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Sustainable Practices In Palm Oil Industry To Accelerate India’s Green Recovery And Atma Nirbharta
The food processing industry is one of the country’s largest, worth an estimated INR 24,665 billion in 2018 and expected to double by 2024.
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In these pandemic times, India has witnessed a cleaner environment but with huge costs to our economy and society. The sudden lockdown has had a severe impact on millions of people, especially those in the informal sector who get by on daily or weekly earnings. The Centre for Monitoring the Indian Economy estimated that about 122 million people lost their jobs in April, pushing the unemployment rate up to 26 percent from 8 percent before the crisis.
In response, the Prime Minister announced an economic package of INR 20 lakh crores for ‘Atma Nirbhar’ or ‘self-reliance’, which aims to expand India’s role in the global economy. Special attention will be paid to 12 economic sectors, including textiles, industrial machinery and food processing.
It is this last sector that I want to consider. The food processing industry is one of the country’s largest, worth an estimated INR 24,665 billion in 2018 and expected to double by 2024. Can we use the financial leverage in the economic stimulus package to achieve environmental goals and nudge the industry in a more sustainable direction?
Palm oil is one of the most heavily used raw materials in the food industry. It has become a vital and ubiquitous ingredient thanks to its natural preservative effect, heat stability, and smoothness. These functional properties improve the taste, texture, and the shelf life of products, creating a win-win situation for both producers and consumers. Additionally, no other vegetable oil is available in sufficient quantities at such low cost.
India is the second largest consumer of palm oil, accounting for approximately 19% of the world’s palm oil imports. Of the 9.3 million metric tonnes consumed in 2019, 94% is for food use such as cooking oil, snacks and processed products. This represents a 200% increase in domestic consumption over the last 20 years. The boom mirrors India’s economic trajectory. With steady growth over the past fifty years, more and more households are able to afford food items that contain palm oil.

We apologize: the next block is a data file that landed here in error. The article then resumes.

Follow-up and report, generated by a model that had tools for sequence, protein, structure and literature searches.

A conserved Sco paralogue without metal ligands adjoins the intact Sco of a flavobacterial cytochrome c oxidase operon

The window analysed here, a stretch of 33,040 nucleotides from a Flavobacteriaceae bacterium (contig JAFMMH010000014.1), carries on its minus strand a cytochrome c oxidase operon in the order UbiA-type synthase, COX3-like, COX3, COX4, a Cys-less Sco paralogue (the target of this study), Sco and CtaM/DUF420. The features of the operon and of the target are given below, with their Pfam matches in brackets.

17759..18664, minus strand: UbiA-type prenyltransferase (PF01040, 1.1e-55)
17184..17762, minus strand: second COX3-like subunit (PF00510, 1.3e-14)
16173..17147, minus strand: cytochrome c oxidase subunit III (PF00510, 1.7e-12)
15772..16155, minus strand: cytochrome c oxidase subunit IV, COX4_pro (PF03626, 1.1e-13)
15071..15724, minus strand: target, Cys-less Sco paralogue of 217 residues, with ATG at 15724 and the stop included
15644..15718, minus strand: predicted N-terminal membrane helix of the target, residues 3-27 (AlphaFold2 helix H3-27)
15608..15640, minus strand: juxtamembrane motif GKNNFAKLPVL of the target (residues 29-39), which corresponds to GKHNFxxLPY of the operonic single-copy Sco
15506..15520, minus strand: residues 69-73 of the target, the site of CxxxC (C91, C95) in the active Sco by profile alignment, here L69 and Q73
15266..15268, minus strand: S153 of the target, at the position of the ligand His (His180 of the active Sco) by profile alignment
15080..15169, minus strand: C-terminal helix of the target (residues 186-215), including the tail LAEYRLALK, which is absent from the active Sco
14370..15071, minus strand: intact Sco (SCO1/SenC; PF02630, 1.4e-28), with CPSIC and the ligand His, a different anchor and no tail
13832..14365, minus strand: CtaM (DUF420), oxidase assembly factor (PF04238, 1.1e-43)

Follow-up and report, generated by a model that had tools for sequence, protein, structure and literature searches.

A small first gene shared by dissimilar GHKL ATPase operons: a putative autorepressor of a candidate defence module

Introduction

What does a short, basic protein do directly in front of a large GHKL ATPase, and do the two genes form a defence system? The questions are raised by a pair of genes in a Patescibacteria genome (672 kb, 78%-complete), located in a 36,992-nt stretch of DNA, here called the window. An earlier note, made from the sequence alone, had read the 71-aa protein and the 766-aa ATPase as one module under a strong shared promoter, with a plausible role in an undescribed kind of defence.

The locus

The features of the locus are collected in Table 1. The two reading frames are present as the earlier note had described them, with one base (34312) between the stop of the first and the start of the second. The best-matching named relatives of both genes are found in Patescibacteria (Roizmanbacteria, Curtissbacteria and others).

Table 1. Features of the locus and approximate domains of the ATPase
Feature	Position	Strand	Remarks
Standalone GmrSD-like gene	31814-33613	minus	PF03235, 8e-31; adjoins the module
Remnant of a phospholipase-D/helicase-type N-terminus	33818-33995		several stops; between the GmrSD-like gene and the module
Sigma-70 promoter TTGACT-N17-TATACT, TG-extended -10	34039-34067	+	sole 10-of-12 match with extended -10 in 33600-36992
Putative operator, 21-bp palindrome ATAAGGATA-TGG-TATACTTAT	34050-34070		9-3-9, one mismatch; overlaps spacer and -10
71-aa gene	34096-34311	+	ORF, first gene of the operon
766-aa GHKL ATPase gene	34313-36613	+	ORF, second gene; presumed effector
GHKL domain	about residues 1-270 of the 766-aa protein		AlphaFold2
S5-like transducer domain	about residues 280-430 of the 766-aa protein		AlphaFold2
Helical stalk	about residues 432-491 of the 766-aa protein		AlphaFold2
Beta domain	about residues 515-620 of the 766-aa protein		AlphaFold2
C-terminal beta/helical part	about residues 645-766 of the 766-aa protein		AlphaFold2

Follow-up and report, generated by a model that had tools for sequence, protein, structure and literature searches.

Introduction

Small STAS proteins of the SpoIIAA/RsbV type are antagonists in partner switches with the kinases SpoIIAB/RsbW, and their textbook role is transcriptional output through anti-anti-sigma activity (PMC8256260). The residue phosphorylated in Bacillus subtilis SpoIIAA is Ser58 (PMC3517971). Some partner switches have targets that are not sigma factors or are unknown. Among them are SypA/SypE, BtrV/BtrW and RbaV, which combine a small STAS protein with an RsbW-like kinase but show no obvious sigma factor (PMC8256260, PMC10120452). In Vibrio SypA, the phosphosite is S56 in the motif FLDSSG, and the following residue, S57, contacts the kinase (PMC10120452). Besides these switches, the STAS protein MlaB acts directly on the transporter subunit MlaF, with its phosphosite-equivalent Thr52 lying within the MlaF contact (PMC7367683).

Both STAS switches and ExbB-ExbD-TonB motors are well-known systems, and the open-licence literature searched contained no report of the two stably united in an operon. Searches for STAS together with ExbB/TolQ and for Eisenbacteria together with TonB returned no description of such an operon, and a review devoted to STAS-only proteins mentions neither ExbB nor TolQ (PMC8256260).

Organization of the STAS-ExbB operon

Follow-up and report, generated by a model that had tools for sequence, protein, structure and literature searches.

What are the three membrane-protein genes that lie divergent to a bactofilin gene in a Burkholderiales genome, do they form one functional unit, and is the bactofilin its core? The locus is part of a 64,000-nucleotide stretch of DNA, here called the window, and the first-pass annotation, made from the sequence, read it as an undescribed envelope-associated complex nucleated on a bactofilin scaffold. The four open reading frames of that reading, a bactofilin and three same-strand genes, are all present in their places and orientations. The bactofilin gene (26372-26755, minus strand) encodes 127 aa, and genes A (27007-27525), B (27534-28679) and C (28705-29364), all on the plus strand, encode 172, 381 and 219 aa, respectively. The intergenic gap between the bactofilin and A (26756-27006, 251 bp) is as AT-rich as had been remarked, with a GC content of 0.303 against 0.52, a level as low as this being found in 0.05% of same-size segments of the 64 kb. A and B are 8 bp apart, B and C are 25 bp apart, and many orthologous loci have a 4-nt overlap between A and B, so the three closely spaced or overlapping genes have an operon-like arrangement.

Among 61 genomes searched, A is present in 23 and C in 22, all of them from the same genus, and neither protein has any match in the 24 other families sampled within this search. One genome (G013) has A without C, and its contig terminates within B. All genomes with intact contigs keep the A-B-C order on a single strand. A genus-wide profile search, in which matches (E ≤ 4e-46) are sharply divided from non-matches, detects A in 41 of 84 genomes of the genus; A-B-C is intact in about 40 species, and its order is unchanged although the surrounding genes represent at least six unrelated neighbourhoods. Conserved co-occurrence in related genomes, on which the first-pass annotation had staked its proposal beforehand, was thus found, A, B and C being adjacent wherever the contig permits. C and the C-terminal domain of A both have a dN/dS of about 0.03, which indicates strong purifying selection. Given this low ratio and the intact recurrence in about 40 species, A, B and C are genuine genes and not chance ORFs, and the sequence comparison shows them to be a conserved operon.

Despite its many benefits, the palm oil industry has garnered attention over its harm to the environment. Deforestation, biodiversity loss and exploitation are wide-scale problems. They are rooted in a lack of responsible production and, perhaps more crucially, a lack of public pressure. To meet the high demand at low cost from the likes of India, exporting countries are pressured into continually raising yields. Practices such as deforestation and land clearance by burning are often adopted to speed up production and keep costs down. Palm oil workers may also face exploitation in the form of harsh or unsafe working conditions, unfair pay, or even human trafficking.
With our clout as consumers – in one of the largest markets globally – we are in a position to effect positive change. We should use this power to demand structural changes in palm oil supply chains.
Though systemic change is a challenging process, businesses will thrive in the long-term by adopting sustainable sourcing and production practices.
More consumers want to buy products from companies that have business policies focused on sustainability. In recent years, there has been a leap in consumers seeking sustainable goods in India.
According to a study by the Mahindra Group in 2019, around 83% of respondents expressed an interest in making lifestyle changes to curb climate change. Likewise, a study of Indian college student’s perspectives on ethical consumerism revealed that consumers showed positive purchasing behaviour if they are aware of a manufacturer’s ethical reputation.
Since the ‘Atma Nirbhar’ policy looks to increase domestic manufacturing, there is an opportunity for the government to promote the sustainable production of goods and services.
Sustainability should be embedded in the core of every business, just like the marketing or finance functions. We, at the Roundtable on Sustainable Palm Oil (RSPO), seek to promote sustainable business practices up and down the supply chain. This is not only the right thing for society but also good business sense. According to a recent study by Climate Advisers, companies committed to sustainable palm oil have stronger equity returns. It showed that RSPO members outperformed non-members by 24% in the period 2012-19.
The Government’s ambition to green the economy is vital as it can nudge industries in the right direction by sending appropriate market signals. This should be coupled with public pressure on businesses to source sustainable palm oil. After all, our economic recovery path should consider interventions that can reduce risks from pandemics as being a worthwhile investment in our future – rather than aiming solely for higher growth.
Disclaimer: The views expressed in the article above are those of the authors' and do not necessarily represent or reflect the views of this publishing house. Unless otherwise noted, the author is writing in his/her personal capacity. They are not intended and should not be thought to represent official ideas, attitudes, or policies of any agency or institution.